Updated, 4:15 p.m.:
Gov. Rick Perry met with three health care activists who helped organize a protest of his speech before Austin business leaders Wednesday.
Perry invited the activists to his office after a dozen or more protesters infiltrated a ballroom at the downtown Hilton Austin Hotel, where Perry was speaking before a gathering of the “2013 Global Business Summit” being put on by his office. They heckled him repeatedly, chanting in English and Spanish, but Perry got through his speech highlighting the state’s strong business climate.
The protest, orchestrated by the Texas Organizing Project, was meant to highlight the state’s refusal to expand Medicaid despite having the largest uninsured population in the country. Neither side budged from its position, but by all accounts it was a cordial meeting.
“We had a good meeting. I don’t think we came to any great epiphanies in there, but we actually found that there were a lot of things that we agreed on,” Perry said. “Medicaid is broken.”
Perry said he asked the protesters to help urge Congress to give Texas flexibility to create its own health care solution rather than taking federal money to expand a flawed system.
“I think we could show the rest of the country how to implement a health care system that is more affordable, more efficient, more accessible,” Perry said.
TOP organizer Allison Brim, one of the three invited to the meeting in a room adjacent to the governor’s office, called the meeting “respectful” but said Perry offered nothing concrete to the millions of Texans who need health coverage.
“I feel like he’s continuing to refuse to offer a real solution for hard-working Texans,” she said. “We’re going to continue to organize, continue to mobilize and let people know in Texas that he’s not representing the interests of hard-working uninsured Texans.”
The Texas Organizing Project has led multiple protests throughout the session — from Perry’s State of the State speech to Wednesday — urging the governor to reconsider his opposition to Medicaid expansion. The state’s two largest medical trade associations, the Texas Medical Association and Texas Hospital Association, have also encouraged lawmakers to reform the program and find a politically feasible way to draw down the federal funds.
As many as 4.4 million of the 5.8 million Texans without insurance in 2010 could have insurance by 2014 if Texas expands Medicaid and takes advantage of other federal health reforms, according to a Hobby Center report. Over 10 years, Texas would draw down $100 billion in federal dollars — while spending $15 billion — if the state expanded Medicaid coverage, according to estimates by Billy Hamilton, a fiscal consultant and the former deputy state comptroller.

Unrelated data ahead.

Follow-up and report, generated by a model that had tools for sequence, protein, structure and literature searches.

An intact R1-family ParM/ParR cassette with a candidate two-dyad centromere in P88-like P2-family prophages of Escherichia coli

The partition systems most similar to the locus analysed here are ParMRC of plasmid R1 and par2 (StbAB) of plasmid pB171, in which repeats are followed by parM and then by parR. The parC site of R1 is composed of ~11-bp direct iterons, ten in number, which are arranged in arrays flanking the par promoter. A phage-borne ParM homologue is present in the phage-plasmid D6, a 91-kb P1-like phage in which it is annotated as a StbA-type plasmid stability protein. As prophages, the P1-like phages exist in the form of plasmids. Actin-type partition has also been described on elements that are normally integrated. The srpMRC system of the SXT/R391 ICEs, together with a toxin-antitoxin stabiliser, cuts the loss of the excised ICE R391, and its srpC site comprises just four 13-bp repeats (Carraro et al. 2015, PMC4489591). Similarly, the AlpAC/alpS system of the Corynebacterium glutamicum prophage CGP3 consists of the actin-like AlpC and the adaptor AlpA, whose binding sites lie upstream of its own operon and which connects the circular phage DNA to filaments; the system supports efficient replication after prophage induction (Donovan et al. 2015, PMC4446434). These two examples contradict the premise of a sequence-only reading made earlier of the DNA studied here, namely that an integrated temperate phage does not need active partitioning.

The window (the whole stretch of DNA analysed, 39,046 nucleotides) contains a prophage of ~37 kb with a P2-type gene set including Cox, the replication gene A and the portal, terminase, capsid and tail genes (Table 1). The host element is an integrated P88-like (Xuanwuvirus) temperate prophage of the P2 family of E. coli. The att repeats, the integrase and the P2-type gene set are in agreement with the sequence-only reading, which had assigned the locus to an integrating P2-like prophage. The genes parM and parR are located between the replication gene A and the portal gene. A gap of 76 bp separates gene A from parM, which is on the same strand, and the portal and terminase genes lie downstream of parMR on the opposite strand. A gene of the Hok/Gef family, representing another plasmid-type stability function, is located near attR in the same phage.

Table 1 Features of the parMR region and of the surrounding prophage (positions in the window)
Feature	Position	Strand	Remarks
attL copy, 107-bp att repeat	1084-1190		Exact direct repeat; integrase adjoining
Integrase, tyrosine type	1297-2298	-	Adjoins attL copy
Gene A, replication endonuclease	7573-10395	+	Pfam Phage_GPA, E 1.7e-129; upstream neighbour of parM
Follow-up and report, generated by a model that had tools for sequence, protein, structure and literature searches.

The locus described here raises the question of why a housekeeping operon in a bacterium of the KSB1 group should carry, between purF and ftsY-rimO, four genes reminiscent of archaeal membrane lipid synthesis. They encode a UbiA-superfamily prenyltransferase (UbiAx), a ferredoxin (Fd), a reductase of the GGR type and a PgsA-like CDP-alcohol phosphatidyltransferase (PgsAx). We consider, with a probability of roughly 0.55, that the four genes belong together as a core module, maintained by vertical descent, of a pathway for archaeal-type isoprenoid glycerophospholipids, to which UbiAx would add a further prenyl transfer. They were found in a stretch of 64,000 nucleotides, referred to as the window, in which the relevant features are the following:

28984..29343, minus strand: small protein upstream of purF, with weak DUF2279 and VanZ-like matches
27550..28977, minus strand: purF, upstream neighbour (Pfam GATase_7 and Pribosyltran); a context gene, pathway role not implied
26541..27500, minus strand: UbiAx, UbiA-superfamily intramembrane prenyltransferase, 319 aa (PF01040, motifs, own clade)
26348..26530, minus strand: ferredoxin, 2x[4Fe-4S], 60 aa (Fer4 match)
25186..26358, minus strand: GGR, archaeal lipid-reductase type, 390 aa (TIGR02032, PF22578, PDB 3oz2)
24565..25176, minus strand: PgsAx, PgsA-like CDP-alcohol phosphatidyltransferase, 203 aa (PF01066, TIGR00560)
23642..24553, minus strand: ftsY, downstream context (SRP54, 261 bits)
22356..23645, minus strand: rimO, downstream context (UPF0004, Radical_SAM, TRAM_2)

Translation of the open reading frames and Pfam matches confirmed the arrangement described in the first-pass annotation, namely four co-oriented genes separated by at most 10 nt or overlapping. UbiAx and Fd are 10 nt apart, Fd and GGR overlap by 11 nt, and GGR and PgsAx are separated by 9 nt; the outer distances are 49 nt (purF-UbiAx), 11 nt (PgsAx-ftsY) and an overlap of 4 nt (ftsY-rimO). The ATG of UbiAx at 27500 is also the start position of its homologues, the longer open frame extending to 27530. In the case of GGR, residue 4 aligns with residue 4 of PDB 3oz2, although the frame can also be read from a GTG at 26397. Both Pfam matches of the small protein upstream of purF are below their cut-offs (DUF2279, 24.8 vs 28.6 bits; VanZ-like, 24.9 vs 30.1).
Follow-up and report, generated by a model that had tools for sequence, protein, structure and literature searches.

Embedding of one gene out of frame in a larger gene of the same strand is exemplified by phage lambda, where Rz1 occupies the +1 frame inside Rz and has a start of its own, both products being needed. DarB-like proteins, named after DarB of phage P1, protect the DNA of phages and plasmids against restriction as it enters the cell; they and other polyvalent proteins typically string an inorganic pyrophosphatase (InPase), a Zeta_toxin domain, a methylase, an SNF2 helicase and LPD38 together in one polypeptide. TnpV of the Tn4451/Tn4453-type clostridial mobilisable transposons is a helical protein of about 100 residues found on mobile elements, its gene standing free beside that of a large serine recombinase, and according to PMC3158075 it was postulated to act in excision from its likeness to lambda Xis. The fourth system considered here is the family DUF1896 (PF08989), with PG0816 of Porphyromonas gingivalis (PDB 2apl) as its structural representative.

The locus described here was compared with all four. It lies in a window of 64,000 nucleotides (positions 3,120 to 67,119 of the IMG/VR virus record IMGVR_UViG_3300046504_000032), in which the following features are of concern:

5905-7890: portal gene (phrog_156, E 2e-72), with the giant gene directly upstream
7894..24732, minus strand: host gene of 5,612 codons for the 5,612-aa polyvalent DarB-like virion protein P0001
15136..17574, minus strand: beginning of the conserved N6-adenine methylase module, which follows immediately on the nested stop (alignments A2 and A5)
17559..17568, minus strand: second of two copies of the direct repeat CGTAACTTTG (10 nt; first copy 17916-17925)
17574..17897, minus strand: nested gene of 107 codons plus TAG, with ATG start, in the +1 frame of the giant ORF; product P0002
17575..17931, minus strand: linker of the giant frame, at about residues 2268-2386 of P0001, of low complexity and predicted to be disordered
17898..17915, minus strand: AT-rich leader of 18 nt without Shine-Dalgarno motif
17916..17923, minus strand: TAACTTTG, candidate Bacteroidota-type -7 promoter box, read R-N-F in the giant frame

On Monday, the House approved a measure that would prevent the governor or state health commissioner from expanding Medicaid eligibility without legislative approval. If legislative conferees allow the measure to stay on Senate Bill 7, Texas would not have the option of expanding Medicaid eligibility for at least two years, unless the governor called a special session to address the issue.
State Rep. John Zerwas, R-Richmond, attempted to persuade his colleagues to approved a “Texas alternative” to Medicaid expansion — in an attempt to draw down the federal funds — throughout the session. Both a bill he filed and a budget rider that would have laid out private-market driven reforms to the Medicaid program died from political pressure.
About two dozen protesters who want Texas to expand Medicaid loaded in a van headed to a meeting with Gov. Rick Perry after they repeatedly interrupted a speech the governor was delivering Wednesday at a Hilton hotel in downtown Austin.
The disruption was orchestrated by the Texas Organizing Project, which supports Medicaid expansion in Texas, a plan that Perry deeply opposes. About a half-dozen hecklers rose during Perry's speech at a small-business forum to challenge the governor's rejection of the federal expansion of Medicaid. Perry, who eventually finished his speech after inviting the protesters back to his office for a meeting to discuss the issue, remained calm during the repeated interruptions.
Perry has repeatedly and adamantly said that he opposes the expansion of Medicaid in Texas under the federal Affordable Care Act, which he and other conservative lawmakers argue would eventually bankrupt the state.
The protesters infiltrated the audience at the hotel. At the beginning of his speech and various points during it, about a half-dozen stood up and chanted both in English and Spanish.
A woman stood first, chanting “expand Texas health care” over and over.
"Expand Texas health care," Perry repeated back to her. "I’ve got that down."
He continued with his remarks, but a second person stood up and urged expansion of Medicaid.
“I’m going to ask you to sit down,” Perry said. Some of the hecklers were escorted by security but as the interruptions continued, Perry invited the group to come to a meeting at the Governor's Mansion.
As Perry continued his speech, which focused on the value of small business in Texas and the state's growing economy, some protesters remained outside the hotel, holding signs and chanting slogans such as "Open for business, not for health care."
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